Prime Minister Scott Morrison went to the COP26 climate talks in Glasgow to commit Australia to reach net zero emissions by 2050, and to upgrade his expectations for Australia’s 2030 carbon cuts, but he defied a global push to commit to phasing out fossil-fuel use. Instead, the Coalition government is backing a significant expansion of the gas industry, which it predicts will be 13 per cent larger in 2050 than it is now.

Under the federal government’s gas industry strategy, taxpayers will support the private sector to develop viable new gas fields and develop an extensive network of new pipelines and related infrastructure.

The bushfire royal commission identified climate change as a key risk to ongoing bushfire catastrophe but did not make recommendations about reducing greenhouse emissions to curb the threat.

The CSIRO report found other factors have an impact on the extent and intensity of bushfires such as the amount of vegetation or fuel load in a forest, the time elapsed since the last fire, and hazard reduction burning. But Dr Canadell said the study showed the link between weather and climate conditions and the size of bushfires was so tight, it was clear these factors far outweighed all other fire drivers…………….

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Mega-fires, which burn more than 1 million hectares, have “markedly” increased with three of the four recorded from 1930 occurring since 2000, while the gap between big blazes has had a “rapid decrease”, the study says.

Last year, the bushfire royal commission reported fuel-load management through hazard reduction burning “may have no appreciable effect under extreme conditions” that typically cause loss of life and property.  https://www.theage.com.au/politics/federal/csiro-study-proves-climate-change-driving-australia-s-800-percent-boom-in-bushfires-20211126-p59cgr.html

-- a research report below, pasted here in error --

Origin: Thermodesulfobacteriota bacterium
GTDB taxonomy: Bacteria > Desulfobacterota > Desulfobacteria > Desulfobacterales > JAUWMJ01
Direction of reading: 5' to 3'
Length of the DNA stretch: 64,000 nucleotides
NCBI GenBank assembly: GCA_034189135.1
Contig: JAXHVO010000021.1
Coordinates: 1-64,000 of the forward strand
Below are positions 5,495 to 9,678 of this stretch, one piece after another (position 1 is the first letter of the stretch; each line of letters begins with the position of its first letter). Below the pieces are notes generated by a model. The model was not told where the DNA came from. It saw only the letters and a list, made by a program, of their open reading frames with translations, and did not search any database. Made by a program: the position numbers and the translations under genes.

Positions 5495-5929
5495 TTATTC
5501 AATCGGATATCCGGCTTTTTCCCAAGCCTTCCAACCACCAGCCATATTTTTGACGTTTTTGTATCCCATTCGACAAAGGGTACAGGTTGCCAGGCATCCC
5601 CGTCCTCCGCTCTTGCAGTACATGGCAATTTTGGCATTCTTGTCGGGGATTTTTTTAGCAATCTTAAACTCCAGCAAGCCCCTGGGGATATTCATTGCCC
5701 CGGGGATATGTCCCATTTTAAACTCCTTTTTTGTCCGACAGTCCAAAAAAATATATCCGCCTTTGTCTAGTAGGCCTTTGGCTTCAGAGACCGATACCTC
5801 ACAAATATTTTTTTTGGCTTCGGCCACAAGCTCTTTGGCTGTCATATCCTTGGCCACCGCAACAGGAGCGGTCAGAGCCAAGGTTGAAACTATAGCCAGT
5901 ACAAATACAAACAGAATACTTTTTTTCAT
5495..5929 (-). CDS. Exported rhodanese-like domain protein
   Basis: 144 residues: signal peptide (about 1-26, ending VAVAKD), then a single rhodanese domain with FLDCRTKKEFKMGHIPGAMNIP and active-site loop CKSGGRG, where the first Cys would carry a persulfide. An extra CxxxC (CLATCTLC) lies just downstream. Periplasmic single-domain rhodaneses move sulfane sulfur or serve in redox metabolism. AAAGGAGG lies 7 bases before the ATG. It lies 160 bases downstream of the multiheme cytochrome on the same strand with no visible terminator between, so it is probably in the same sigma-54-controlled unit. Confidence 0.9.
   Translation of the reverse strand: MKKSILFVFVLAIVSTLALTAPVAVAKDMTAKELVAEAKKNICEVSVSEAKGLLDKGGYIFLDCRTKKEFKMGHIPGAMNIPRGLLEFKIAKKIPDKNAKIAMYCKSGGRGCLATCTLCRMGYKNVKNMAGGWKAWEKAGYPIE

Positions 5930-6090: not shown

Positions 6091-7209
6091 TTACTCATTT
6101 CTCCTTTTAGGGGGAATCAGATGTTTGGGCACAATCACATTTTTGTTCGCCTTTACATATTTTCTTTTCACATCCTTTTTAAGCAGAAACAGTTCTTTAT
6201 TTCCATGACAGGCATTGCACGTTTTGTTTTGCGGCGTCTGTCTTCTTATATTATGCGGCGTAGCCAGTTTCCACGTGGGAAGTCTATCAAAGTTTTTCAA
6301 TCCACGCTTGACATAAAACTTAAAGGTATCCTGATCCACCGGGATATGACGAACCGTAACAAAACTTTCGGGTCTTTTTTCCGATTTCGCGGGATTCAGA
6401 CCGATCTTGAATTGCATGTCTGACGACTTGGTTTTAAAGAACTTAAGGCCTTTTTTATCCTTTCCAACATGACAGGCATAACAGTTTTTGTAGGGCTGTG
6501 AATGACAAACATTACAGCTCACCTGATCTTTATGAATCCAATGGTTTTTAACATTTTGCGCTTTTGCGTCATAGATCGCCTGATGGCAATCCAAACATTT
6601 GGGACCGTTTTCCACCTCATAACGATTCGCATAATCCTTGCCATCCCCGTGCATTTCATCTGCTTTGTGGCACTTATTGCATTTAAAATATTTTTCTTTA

November 27, 2021 Posted by | AUSTRALIA, climate change | Leave a comment

New files expose Australian govt’s betrayal of Julian Assange and detail his prison torment

The documents obtained by Tranter and provided to The Grayzone provide an unobstructed view of the Australian junior ally’s betrayal of one of its citizens to the imperial power that has hunted him for years. As Julian Assange’s rights were violated at every turn, Canberra appears to have been complicit. 

New files expose Australian govt’s betrayal of Julian Assange and detail his prison torment https://thegrayzone.com/2021/11/17/files-australian-julian-assange-prison/ KIT KLARENBERG· NOVEMBER 17, 2021

Documents provided exclusively to The Grayzone detail Canberra’s abandonment of Julian Assange, an Australian citizen, and provide shocking details of his prison suffering

Was the government of Australia aware of the US Central Intelligence Agency plot to assassinate Julian Assange, an Australian citizen and journalist arrested and now imprisoned under unrelentingly bleak, harsh conditions in the UK? 

Why have the country’s elected leaders refused to publicly advocate for one of its citizens, who has been held on dubious charges and subjected to torture by a foreign power, according to UN Special Rapporteur on Torture Nils Melzer? What does Canberra know about Julian’s fate and when did it know it?

The Grayzone has obtained documents revealing that the Australian government has since day one been well-aware of Julian’s cruel treatment inside London’s maximum security Belmarsh Prison, and has done little to nothing about it. It has, in fact, turned a cold shoulder to the jailed journalist despite hearing his testimony of conditions “so bad that his mind was shutting down.”

Not only has Canberra failed to effectively challenge the US and UK governments overseeing Assange’s imprisonment and prosecution; as these documents expose in stark detail, it appears to have colluded with them in the flagrant violation of an Australian citizen’s human rights, while doing its best to obscure the reality of his situation from the public. 

Continue reading

November 20, 2021 Posted by | AUSTRALIA, politics international, secrets,lies and civil liberties | Leave a comment

Australian TV blatantly advertises weapons sales, in absurd claims about China invading Australia

Australian War Propaganda Goes Off the Rails https://consortiumnews.com/2021/11/17/australian-war-propaganda-goes-off-the-rails/ November 17, 2021 In a blatant advert for arms sales masquerading as news, 60 Minutes tries to tie Taiwan to the fantasy of China randomly invading a continent of white foreigners thousands of miles away, writes Caity Johnstone. By Caitlin Johnstone
CaitlinJohnstone.com

60 Minutes Australia has churned out yet another fear-mongering war propaganda piece on China, this one so ham-fisted in its call to beef up military spending that it goes so far as to run a brazen advertisement for an actual Australian weapons manufacturer disguised as news reporting. 

This round of psychological conformity-making features Australian former major general Jim “The Butcher of Fallujah” Molan saying that in three to ten years a war will be fought against China over Taiwan and that Australians are going to have to fight in that war to prevent a future Chinese invasion of the land down under.